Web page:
acos(sin(${gps_lat_end})*sin(${gps_lat}) + cos(${gps_lat_end})*cos(${gps_lat})*cos(${gps_long}-${gps_long_end}) ) * 6371000

After having made some cosmetic enhancements and adding the 500m stipulation your survey should look like this:

DistanceCalcScreen

Feel free to use and adapt as you require. Here is a link to the Survey123 Excel design file: Licence Application

SCHOOL EARLY WARNING SYSTEM

The North-West Department of Education and Sport Development is one of the largest departments having staff complement of 30000 and serving 800000 learners annually.

The department have a need to respond to the needs of schools on the ground. This has resulted in a need for a department to require a solution that will follow a systematic approach of reporting and recording incidence and emergencies occurring at schools. The solution should enable real time incident recording and must have the ability to send alerts to the department’s officials, thus enabling the department to promptly respond to the needs of schools. This has triggered a need for the optimal implementation of the ArcGIS Platform to support these development initiatives.

The North-West Department of Education and Sport Development is a huge administration with diverse products and service offering especially to the schools. The biggest challenge that is faced by the department is the turnaround time on issues raised by any sector at any given time. The current method of disseminating information is primitive and non-effective because it’s still relying the most on paper methods.

The implementation of the platform should assist the operations within the department, but also establish standards that will ensure interoperability and integration of data, systems and other GIS resources.

Each school would require access to the solution through the principal or management of the school. The people assigned would be responsible to communicate incidents through the solution, this should give the department the best chance to respond with effective reaction times.

Incidents
Spatial view of Schools with Incidents

The solution identified for these specific requirements was School Early Warning System. The Esri platform forms and integral part of the development of this system. The platform provides a spatial data infrastructure within the department. The ArcGIS Platform is an integrated web-GIS system that provides a wide range of capabilities for storing, managing, analysing, visualising and sharing geospatial data for all users within the organisation. The Platform provides the framework of data and technology needed to address a wide range of location-related business processes. Through change management processes, the department utilised ArcGIS Platform to introduce a method of reporting incidents at schools, backed up by photographic evidence.

survey123
Integrated mobile component of the School Early Warning System

The implementation of the School Early Warning System through ArcGIS Platform, support the Programmes of the Department’s Strategic Plan Document, the Annual Performance Plan and Medium-Term Framework Plan which are in a form of Five Year Plan and are identified as indicators within the following Strategic Objectives:

  • Ensure effective governance processes
  • Improved functionality and performance of schools
  • Enhanced accessibility of special schools
  • Accessible quality Grade R Education
  • Infrastructure management in schools and
  • Examination services managed

                                                                          

As part of the solution, the incidents will be loaded and locked in a centralised server via mobile device (Survey 123) wherein a unique identifier will be allocated to the incident for tracking purposes.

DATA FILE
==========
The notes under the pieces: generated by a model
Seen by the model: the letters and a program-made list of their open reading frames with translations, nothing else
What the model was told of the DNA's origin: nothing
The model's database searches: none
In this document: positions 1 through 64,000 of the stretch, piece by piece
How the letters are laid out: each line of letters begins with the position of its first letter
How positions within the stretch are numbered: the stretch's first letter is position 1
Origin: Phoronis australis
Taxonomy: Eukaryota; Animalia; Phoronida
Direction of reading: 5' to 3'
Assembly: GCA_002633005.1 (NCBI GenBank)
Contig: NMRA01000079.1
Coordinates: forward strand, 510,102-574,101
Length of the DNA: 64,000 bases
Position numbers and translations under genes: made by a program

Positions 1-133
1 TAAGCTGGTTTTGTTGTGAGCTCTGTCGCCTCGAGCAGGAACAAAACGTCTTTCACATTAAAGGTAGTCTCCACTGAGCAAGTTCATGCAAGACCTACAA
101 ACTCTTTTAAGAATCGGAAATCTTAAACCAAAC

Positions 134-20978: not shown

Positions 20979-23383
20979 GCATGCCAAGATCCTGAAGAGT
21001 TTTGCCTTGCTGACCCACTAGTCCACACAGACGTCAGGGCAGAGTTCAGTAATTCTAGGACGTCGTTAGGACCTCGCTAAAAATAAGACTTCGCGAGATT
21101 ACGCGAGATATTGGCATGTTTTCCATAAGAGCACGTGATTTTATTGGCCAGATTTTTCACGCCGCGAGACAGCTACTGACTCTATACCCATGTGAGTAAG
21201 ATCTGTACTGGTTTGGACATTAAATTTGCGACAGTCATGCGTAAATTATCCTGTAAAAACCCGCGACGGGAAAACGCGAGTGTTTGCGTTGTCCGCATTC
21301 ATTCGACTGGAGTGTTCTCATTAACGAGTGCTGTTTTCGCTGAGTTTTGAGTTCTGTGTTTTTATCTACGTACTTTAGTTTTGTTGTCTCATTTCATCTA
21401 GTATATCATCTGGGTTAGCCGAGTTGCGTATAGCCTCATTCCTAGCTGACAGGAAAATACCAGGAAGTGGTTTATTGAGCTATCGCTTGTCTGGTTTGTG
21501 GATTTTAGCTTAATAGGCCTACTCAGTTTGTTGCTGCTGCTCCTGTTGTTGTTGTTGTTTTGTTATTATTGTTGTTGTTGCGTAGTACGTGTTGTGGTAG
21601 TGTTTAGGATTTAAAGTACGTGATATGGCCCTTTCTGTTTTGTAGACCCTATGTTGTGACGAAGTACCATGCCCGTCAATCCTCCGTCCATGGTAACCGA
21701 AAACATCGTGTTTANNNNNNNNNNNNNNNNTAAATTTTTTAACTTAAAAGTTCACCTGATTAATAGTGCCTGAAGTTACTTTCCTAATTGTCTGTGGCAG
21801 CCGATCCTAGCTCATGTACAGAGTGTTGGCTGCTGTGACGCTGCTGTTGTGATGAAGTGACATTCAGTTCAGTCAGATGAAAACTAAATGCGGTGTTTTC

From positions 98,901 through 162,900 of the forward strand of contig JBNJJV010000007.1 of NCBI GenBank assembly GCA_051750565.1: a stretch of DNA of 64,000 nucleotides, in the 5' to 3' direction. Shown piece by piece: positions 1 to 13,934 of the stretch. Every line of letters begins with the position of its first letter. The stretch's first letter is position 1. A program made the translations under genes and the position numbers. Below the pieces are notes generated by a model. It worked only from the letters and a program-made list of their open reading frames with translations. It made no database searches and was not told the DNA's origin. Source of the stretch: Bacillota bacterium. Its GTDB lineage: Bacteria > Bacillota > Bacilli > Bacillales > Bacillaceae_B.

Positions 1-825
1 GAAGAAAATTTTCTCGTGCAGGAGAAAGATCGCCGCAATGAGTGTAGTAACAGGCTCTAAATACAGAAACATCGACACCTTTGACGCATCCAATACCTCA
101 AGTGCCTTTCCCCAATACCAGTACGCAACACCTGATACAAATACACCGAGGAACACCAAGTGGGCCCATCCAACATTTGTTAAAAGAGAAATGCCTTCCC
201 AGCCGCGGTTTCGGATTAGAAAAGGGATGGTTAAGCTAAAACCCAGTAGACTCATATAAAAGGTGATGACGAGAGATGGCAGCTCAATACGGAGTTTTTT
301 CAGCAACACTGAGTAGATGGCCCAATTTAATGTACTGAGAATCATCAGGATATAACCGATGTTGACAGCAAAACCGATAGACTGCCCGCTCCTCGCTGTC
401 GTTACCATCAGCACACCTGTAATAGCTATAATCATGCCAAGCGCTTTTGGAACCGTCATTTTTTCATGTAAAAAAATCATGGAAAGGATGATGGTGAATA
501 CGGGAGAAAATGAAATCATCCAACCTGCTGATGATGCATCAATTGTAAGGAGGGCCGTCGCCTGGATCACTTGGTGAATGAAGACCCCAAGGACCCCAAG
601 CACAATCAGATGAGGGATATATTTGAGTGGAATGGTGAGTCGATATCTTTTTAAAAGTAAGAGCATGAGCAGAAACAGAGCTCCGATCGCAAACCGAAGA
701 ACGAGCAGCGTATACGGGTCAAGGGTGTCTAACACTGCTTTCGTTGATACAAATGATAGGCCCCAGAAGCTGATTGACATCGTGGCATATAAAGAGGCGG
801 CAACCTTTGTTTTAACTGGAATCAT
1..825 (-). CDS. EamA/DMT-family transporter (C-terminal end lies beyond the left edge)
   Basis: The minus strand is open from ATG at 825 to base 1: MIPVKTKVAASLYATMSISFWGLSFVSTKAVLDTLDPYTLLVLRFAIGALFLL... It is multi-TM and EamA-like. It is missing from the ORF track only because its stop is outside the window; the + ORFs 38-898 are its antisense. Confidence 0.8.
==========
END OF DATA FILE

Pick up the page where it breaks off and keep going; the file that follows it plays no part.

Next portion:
The Department Official will acknowledge receipt of the incident to update its status to received or in progress, in an Operations Dashboard.

The school will have access to track the status of the incident logged via a Dashboard

dashboard
Dashboard to give an overall indication of incident status

By understanding the main objectives of the North-West Department of Education and Sport Development to support the various schools and functions, the optimal implementation of the ArcGIS Platform serves as the right solution to meet the challenges faced by Department.

Broadband in South Africa

Broadband in South Africa

Whether it is mobile or fixed broadband services, consumers are demanding cheaper and faster speeds. Consumers have become brand agnostic and have become data hungry.

How do you differentiate yourself from your customer? Better services, faster speeds and rapid deployment of broadband services. This requires huge capital expenditure and exploring unknown markets.

Esri South Africa have helped our customers in the rapid build and design of their networks using the ArcGIS Platform. Using mobile applications our customers can update, capture and report on their network. This has changed the way in which our clients operate; instead of using paper based maps, our clients are enabled to manage their network from the field. With the introduction of BYOD, it helps organizations reduce hardware expenses.

Our mobile applications have enabled our clients to engage directly with the client by means of integrating CRM’s and allows the rapid deployment of their sales force into the field.

Esri helps you answer the question of “where” and solve problems. You transform your telecommunication company provide better service via your network assurance team, plan and build team and sales team. Esri provides a complete system that allows you to integrate disparate data, access and update information from the office or the field, and maintain a real-time view of all operations. More than maps and applications, Esri gives you the location analytics you need to save time, lower costs, and satisfy customers.

fibre_editing

Mathematically Verifying South African ID Numbers with Survey123

This blog post describes how South African ID numbers can be verified mathematically in Survey123. South African ID numbers have the following format:

{YYMMDD}{G}{SSS}{C}{A}{Z}

YYMMDD : Date of birth.
G  : Gender. 0-4 Female; 5-9 Male.
SSS  : Sequence No. for DOB/G combination.
C  : Citizenship. 0 SA; 1 Other.
A  : Usually 8, or 9
Z  : Control digit

The most challenging part of verifying the ID number is the control digit which is calculated by using the Luhn algorithm – this will be the focus of this blog post.